What could go right here? It is time for a checklist of things that would change the course of this miserable market.

    The retail sales number is a precursor to other slower numbers, including the producer price index tomorrow, which would lead the Fed to do 50 basis points and then retreat for the summer. The market, which was hideously overvalued a few months ago, now is modestly overvalued. New buyers could come in. When Applied Materials (AMAT) - Get Report was trading at 22 times next year's earnings this morning, that seemed downright cheap. LSI (LSI) - Get Report traded at 25 times earnings earlier. Cypress (CY) - Get Report at around 20 times. These are not outrageous multiples. The cathartic kick out of Cisco (CSCO) - Get Report may have occurred. Cisco has gone from loved to less-than-loved overnight. Maybe that has to happen before it can bottom. Dot-coms stop going down and the managements begin to realize that these are the real prices and they finally start consolidating and selling out. Believe me, this is about to happen. Takeovers are next. People believe the market has retested the lows, and held. The technicians would love to get back in. I don't like this kind of stuff, but I am not oblivious to it. (Is that what just happened with Intel (INTC) - Get Report?) Some analysts who had been bearish, turn bullish. We really need this to get anything going. Jeff Berkowitz finally gets to take a few days off. He finally has. Enjoy Jeff!!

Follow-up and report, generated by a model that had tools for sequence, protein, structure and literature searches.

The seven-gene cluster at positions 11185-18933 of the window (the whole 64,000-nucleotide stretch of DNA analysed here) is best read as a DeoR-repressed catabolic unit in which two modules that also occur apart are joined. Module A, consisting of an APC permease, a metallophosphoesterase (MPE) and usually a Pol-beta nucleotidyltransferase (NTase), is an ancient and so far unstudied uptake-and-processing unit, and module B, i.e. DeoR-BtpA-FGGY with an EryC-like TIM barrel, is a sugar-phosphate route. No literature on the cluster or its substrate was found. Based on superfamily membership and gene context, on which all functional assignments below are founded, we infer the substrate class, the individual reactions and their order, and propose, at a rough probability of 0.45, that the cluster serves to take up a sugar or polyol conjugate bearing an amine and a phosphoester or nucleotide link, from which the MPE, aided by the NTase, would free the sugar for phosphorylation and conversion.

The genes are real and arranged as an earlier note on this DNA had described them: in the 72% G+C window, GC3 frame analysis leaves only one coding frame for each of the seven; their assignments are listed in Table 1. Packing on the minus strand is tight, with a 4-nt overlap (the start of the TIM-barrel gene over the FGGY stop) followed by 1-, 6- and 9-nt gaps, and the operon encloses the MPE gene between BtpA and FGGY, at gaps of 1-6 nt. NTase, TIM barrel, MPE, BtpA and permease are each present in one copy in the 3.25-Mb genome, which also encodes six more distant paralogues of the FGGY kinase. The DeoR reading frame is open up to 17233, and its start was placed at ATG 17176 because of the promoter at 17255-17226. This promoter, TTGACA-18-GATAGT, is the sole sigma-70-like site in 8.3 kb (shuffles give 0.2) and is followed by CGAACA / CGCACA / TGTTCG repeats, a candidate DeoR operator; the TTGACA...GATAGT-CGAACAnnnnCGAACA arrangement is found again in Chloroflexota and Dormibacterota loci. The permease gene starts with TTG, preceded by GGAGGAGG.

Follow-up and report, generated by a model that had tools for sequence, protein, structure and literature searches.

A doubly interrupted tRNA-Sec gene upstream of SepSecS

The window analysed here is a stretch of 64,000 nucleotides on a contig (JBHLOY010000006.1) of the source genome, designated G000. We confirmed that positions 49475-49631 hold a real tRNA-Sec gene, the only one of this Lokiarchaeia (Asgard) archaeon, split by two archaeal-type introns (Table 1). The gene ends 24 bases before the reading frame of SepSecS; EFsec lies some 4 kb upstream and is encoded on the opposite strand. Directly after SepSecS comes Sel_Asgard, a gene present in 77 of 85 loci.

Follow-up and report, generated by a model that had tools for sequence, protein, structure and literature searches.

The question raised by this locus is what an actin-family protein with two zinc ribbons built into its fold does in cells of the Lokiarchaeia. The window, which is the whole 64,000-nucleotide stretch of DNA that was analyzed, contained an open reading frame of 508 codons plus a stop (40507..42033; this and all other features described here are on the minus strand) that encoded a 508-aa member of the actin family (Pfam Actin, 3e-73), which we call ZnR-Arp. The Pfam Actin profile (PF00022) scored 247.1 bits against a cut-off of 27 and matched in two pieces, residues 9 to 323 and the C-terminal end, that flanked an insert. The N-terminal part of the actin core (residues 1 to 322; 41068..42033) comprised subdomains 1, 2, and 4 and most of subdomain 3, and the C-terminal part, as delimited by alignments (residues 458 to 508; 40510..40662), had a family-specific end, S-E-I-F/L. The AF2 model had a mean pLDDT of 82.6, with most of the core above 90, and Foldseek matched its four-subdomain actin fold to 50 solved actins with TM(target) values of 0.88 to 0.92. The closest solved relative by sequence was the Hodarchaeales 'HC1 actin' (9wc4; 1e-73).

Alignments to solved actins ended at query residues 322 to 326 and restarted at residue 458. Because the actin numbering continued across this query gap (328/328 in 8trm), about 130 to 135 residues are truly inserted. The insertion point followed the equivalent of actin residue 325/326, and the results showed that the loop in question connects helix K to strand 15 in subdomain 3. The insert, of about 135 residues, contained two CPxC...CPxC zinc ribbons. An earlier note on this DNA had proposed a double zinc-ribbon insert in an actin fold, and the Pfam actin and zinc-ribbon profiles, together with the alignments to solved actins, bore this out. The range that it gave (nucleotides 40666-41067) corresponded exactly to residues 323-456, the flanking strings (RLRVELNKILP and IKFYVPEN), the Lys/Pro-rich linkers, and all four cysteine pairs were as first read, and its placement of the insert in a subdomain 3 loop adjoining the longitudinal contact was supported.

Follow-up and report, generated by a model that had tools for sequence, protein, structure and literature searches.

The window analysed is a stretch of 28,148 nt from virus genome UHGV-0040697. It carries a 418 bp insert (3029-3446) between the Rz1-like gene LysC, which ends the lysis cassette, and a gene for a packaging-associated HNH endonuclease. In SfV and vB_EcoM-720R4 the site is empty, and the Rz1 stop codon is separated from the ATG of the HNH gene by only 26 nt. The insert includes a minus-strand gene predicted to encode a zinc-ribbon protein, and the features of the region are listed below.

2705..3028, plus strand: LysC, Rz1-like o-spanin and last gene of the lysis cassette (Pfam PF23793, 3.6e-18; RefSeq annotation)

James J. Cramer is manager of a hedge fund and co-founder of TheStreet.com. At time of publication, his fund was long Applied Materials, LSI, Cisco and Intel. His fund often buys and sells securities that are the subject of his columns, both before and after the columns are published, and the positions that his fund takes may change at any time. Under no circumstances does the information in this column represent a recommendation to buy or sell stocks. Cramer's writings provide insights into the dynamics of money management and are not a solicitation for transactions. While he cannot provide investment advice or recommendations, he invites you to comment on his column at

jjcletters@thestreet.com.